In late 2005, there was a flurry in the technical press about a Florida company, xG Technology, which claimed to have a new wireless technology with performance far surpassing 3G or anyone else’s 4G roadmap. I happened to run into a friend who actually knew something (unfortunately under NDA) about the subject, so I got interested, scanned several patent applications filed by the founder, Joe Bobier, and wrote a blog post, xG Technology — Physics or Snake Oil?
At the time, I concluded that Joe Bobier might be well intentioned, but had no clue about digital communications theory. On the other hand, he might have accidently stumbled on a loop hole in FCC regulations that might allow someone to legally transmit a spread spectrum signal that spreads across the entire spectrum below 3 GHz.
A few weeks ago, Phil Karn, commented on my blog post and pointed me at two excellent papers he’s written on the subject. In xG Technology’s xMax, Phil examines the published information on xG’s November 2005 demonstration, works out the link budget including antenna gains, and taking account of the specified transmitter power and likely receiver performance, concludes:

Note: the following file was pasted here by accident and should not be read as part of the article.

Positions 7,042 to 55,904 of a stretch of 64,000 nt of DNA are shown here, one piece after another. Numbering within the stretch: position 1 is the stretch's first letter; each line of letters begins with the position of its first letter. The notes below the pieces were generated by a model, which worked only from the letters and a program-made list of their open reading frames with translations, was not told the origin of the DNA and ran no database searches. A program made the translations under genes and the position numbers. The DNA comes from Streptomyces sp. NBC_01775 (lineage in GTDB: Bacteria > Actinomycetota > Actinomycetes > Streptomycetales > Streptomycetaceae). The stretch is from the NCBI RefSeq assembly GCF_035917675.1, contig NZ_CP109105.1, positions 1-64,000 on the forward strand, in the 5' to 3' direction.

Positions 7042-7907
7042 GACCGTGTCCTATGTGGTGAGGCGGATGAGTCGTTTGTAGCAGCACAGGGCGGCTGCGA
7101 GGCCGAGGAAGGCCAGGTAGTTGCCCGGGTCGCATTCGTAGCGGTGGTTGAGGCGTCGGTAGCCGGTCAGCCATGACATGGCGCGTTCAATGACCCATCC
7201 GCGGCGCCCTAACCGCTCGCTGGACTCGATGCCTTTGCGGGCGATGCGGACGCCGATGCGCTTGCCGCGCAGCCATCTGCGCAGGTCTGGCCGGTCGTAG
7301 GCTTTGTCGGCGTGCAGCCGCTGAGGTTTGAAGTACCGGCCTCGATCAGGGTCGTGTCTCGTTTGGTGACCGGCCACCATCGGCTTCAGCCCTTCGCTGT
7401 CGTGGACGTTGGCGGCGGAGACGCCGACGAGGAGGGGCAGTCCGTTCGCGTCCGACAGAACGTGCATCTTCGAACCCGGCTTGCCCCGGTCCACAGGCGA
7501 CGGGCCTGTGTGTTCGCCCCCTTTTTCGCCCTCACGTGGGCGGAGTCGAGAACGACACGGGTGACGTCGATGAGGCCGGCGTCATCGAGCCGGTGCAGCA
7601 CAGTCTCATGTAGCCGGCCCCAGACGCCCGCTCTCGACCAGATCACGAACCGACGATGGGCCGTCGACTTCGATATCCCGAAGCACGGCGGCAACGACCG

The xMax demo may impress those who haven’t done the calculations and are unaware of how little power it takes to transmit digital data over a benign line-of-sight path. But the same demonstrated performance could have been easily achieved with just about any conventional digital modulation scheme…
In his second paper, Bobier’s TriState Integer Cycle Modulation, Phil examines one of xG’s recent patents, US 7,003,047 and concludes it’s just frequency shift keying. But Phil goes far beyond the cursory glance I did last year and provides a detailed analysis of this specific patent. Although the title says “Tri-state” what is described is continuous phase, frequency shift keying with biphase coding. Phil’s conclusion is simple and dead on:
… the techniques described in this patent are not novel, having been around for decades. They cannot provide the advantages claimed by the inventor.
What’s more, while I haven’t gone back to scan the other Bobier patent filings, this one has zero chance of spreading the spectrum in any useful fashion. The principal energy is on either side of the chosen carrier frequency — the patent suggests choosing two tones 30 KHz apart — and the resulting spectrum is very, very conventional. So the one thought I had last year, about something neat they might be doing, doesn’t apply.